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ISCT supports FDA stem-cell injunctions and proposes wider action to protect patients

Monday, May 14, 2018  
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ISCT supports FDA stem-cell injunctions and proposes wider action
to protect patients

Vancouver, Canada, May 14, 2018 – ISCT International Society Cell and Gene Therapy, the global professional society of clinicians, researchers, regulatory specialists, technologists and industry partners in the cell and gene therapy sector, today announces its reaction to the U.S. Food and Drug Administration (FDA) seeking court orders preventing two U.S. stem cell clinics administering unproven cellular therapy treatments to patients.

The FDA action takes place one week after the ISCT Presidential Task Force Session on the Use of Unproven Cellular Therapies on May 4, 2018 – a headline session at the ISCT Annual Meeting, Montreal, Canada. The session involved regulators including Peter Marks, US FDA and Nadine Kolas, Health Canada, as well as representatives from academia, industry, bio-ethics and patients.

This session enabled these representatives to discuss in person strategies to combat unproven cellular therapy from different perspectives. The session provided the opportunity to discuss the effectiveness of existing responses, and coordinate and agree joint international strategies amongst regulators, health providers, physicians and patients.

The panel discussions at the meeting involved:

  • initial results of a global collaborative survey on how unproven cell therapies are impacting biomedical research and clinical practice
  • the size of the unproven cell therapy market - currently worth up to USD 2.4 billion and involving approximately 60,000 patients annually, paying up to USD 40,000 per treatment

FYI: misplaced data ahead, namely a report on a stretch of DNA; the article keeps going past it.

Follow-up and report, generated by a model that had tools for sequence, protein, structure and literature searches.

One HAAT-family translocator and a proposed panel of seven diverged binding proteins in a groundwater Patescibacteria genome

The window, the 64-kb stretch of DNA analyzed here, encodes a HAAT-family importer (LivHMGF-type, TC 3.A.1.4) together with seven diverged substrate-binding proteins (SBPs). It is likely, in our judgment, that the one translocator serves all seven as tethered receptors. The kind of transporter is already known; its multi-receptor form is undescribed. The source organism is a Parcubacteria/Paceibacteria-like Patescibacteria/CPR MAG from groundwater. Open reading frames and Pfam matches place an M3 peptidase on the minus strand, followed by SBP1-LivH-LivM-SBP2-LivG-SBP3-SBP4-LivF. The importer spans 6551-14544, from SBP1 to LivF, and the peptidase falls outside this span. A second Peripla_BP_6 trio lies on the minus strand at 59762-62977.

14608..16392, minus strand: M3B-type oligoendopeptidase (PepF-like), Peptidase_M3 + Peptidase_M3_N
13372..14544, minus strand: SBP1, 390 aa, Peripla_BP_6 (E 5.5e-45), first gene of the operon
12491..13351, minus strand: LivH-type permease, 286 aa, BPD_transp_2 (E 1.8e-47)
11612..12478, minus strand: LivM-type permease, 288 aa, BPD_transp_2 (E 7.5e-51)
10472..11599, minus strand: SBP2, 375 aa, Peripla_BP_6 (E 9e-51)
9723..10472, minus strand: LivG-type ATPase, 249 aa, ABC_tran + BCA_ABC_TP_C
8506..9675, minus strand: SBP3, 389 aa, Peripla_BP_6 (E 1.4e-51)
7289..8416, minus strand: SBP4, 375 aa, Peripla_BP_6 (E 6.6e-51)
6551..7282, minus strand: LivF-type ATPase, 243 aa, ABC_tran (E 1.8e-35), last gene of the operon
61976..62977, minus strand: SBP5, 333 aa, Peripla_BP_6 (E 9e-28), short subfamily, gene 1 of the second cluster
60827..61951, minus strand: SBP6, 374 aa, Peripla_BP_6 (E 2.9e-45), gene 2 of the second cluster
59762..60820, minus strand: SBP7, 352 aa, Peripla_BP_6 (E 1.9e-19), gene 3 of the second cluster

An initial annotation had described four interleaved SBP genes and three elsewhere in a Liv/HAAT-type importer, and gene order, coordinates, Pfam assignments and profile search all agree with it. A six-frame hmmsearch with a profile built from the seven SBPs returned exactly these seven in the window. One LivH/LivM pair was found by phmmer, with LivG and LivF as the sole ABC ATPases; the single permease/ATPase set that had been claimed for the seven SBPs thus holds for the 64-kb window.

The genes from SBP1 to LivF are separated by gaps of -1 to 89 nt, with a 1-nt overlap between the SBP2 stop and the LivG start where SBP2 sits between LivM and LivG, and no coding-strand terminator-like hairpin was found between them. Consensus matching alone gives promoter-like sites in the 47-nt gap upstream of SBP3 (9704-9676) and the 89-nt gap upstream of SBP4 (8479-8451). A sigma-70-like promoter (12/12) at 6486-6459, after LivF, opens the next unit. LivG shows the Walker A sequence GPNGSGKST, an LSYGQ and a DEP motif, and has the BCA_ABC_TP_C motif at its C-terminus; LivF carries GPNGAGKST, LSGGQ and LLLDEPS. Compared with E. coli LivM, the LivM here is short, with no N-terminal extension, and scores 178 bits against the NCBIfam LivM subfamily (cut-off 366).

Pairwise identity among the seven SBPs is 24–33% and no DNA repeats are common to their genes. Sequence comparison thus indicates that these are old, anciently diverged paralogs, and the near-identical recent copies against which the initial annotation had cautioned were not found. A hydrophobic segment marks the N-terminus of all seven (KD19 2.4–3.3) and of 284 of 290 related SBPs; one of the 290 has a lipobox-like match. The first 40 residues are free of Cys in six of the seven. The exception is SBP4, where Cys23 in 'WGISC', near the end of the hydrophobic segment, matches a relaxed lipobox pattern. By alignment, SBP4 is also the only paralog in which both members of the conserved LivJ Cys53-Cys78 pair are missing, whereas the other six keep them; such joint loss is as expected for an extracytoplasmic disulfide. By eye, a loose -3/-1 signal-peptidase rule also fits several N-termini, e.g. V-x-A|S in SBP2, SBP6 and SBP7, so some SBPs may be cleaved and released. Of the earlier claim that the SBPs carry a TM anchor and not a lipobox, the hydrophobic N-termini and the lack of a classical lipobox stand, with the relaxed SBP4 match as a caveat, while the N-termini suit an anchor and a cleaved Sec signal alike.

• the need to distinguish between medical intervention with appropriate informed consent, including clinical studies and compassionate use therapies, versus therapies marketed to patients without the regulatory framework, with misleading or fraudulent information
  • the rights of patients to be the final decision makers of their own care, and greater sensitivity from the medical community for experimental procedures, especially for high unmet medical needs
  • the need for international regulatory-harmonization
  • the extensive approval processes that regulators, including the FDA, use for cell therapies, and how these processes are changing and evolving, including the introduction of new programs, such as the FDA’s Regenerative Medicine Advanced Therapy Designation (RMAT) program to expedite the development and review of regenerative medicine advanced therapies
  • the challenges of communicating with multiple stakeholders about cell therapies
  • the need for patients and families to distinguish between realism and hope, and the devastating effects that false hope can have
  • the sharing of information for physicians and patients, and the precise definition of products and procedures.